Updated 26 April 2021
What Is the PELLET B Test?
The PELLET B Test is an aptitude test used to assess the reading, writing and reasoning abilities of candidates who are looking to become peace officers in California.
PELLET B is an acronym for the POST Entry-Level Law Enforcement Test Battery, which is a standardized testing mechanism to ensure that all peace officers have the same basic standard of reading and writing.
The test is about 2.5 hours long, covering 105 questions and must be passed to become a peace officer.
Why Was It Developed?
The Commission on POST (Peace Officer Standards & Training) was established in 1959 with the express aim of ensuring that minimum selection and training standards were adhered to for all peace officers.
POST is directly and wholly funded by fines from criminal and traffic offenses and the voluntary membership of POST for peace agencies is based on incentives.
More than 600 agencies are members and take advantage of benefits such as job-related assessment tools, management counseling services, reimbursement of training costs and professional certificates recognizing achievement and proficiency.
The PELLET B Test was developed to standardize the basic reading, writing and reasoning skills that peace officers need to be able to perform their roles well.
When Do You Take PELLET B?
The PELLET B is required for all peace officer roles in organizations that are members of POST.
The organizations will pay for you to take the test if you reach that stage in the application process (see below).
The scores on the PELLET B are considered reliable in predicting success during training at an academy, so most agencies use them.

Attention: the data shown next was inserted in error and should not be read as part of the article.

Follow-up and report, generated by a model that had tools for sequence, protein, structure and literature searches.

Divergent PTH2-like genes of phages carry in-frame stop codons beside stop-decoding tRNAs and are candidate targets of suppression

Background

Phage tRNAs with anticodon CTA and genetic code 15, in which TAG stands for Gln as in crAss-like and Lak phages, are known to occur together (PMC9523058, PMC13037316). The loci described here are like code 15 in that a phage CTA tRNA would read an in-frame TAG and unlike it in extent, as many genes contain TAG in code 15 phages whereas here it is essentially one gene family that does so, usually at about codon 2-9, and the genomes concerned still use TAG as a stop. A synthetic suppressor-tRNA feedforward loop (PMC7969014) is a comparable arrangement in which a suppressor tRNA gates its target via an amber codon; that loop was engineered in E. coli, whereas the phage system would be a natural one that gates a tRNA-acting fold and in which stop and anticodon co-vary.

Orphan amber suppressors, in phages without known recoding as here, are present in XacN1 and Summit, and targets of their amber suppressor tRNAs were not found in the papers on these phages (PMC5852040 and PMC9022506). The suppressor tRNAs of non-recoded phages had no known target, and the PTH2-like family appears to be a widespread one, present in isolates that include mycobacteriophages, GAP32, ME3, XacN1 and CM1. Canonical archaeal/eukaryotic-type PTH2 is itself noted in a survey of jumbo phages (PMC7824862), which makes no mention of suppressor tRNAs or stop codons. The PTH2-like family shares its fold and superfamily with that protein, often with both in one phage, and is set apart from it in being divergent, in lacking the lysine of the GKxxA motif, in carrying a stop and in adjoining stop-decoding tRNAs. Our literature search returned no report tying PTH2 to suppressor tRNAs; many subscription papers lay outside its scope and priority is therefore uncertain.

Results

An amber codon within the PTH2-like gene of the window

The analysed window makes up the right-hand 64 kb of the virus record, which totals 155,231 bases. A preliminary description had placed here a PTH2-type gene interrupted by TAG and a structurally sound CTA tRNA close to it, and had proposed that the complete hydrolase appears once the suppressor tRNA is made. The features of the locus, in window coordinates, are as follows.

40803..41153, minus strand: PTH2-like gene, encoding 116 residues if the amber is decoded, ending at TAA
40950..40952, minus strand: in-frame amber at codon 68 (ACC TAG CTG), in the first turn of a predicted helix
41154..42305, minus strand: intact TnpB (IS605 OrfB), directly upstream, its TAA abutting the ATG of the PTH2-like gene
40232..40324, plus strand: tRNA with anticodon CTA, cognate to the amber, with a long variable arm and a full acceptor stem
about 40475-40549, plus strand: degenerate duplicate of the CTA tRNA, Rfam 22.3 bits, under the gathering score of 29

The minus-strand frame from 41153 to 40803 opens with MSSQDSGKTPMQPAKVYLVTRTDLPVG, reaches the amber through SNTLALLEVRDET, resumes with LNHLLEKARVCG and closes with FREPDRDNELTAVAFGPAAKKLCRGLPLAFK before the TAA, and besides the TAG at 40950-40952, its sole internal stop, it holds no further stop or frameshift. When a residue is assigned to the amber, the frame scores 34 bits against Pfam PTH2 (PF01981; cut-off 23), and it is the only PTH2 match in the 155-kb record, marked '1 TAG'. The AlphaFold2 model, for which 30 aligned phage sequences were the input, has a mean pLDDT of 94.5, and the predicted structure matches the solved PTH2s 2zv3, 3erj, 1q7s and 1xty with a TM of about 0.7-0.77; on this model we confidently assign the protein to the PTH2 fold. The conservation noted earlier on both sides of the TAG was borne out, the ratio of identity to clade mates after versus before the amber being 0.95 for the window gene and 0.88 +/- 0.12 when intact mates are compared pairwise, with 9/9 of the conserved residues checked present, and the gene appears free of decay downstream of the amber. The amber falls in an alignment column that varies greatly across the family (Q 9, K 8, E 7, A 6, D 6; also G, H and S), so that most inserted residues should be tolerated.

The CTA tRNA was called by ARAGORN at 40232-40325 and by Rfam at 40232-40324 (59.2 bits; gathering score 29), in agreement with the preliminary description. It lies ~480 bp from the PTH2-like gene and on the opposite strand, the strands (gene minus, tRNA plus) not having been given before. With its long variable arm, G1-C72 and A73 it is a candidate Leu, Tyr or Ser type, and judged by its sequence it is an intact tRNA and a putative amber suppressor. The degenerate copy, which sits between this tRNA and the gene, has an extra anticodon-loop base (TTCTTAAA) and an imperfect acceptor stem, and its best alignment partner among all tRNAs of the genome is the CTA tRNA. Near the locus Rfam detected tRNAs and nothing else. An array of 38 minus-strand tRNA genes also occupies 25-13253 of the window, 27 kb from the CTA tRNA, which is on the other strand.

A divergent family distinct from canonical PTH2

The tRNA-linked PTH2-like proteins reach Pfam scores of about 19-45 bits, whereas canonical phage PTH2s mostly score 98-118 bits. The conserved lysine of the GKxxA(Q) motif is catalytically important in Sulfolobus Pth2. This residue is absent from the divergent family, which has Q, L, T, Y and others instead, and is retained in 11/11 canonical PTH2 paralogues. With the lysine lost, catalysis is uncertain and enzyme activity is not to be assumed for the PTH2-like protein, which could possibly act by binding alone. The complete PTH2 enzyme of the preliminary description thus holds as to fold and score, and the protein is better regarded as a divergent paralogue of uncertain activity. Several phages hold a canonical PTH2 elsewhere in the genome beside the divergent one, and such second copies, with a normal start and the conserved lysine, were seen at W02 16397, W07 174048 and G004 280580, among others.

The PELLET B Test is just one stage of the application process to become a peace officer in California. While all departments and agencies have their own procedures, the usual order of steps in the recruitment process are:
- Physical Test – Endurance, fitness and strength
- PELLET B
- Oral Interview – Personal questions to assess your suitability
- Background Check – May include a polygraph
- Medical – Identify any health issues
- Psychological Evaluation– Personality test/meeting with a psychologist
Each stage of the recruitment process must be passed before you are invited to take the next stage. Successful applicants can then attend the academy and begin training.
Where Do You Take PELLET B?
If the law enforcement agency you are applying to uses the PELLET B, contact them to find out how to complete it.
It must be administered by a POST-Authorized agency representative; they will be able to let you know when and where the test will be.
What Does PELLET B Measure?
The first part of the assessment looks at your basic writing ability. Each section focuses on a specific skill set within writing, looking for grammatical knowledge, spelling and a wide vocabulary.
Peace officers must be able to comprehend written instructions and act on them appropriately.
In the second section of the test, applicants need to be able to read information, answer questions and provide missing words – this requires you to not only deduce what the missing concept must be from context but also have a sufficient vocabulary.
In the final section, you need to quickly find patterns and rules to enable you to answer questions based on them.
No general knowledge or previous experience is needed; you are expected to draw conclusions based only on the limited information you are presented with.
PELLET B Test Format and Example Questions
The PELLET B Test is a timed exercise. You will have 2.5 hours to answer 105 questions, using pencil and paper.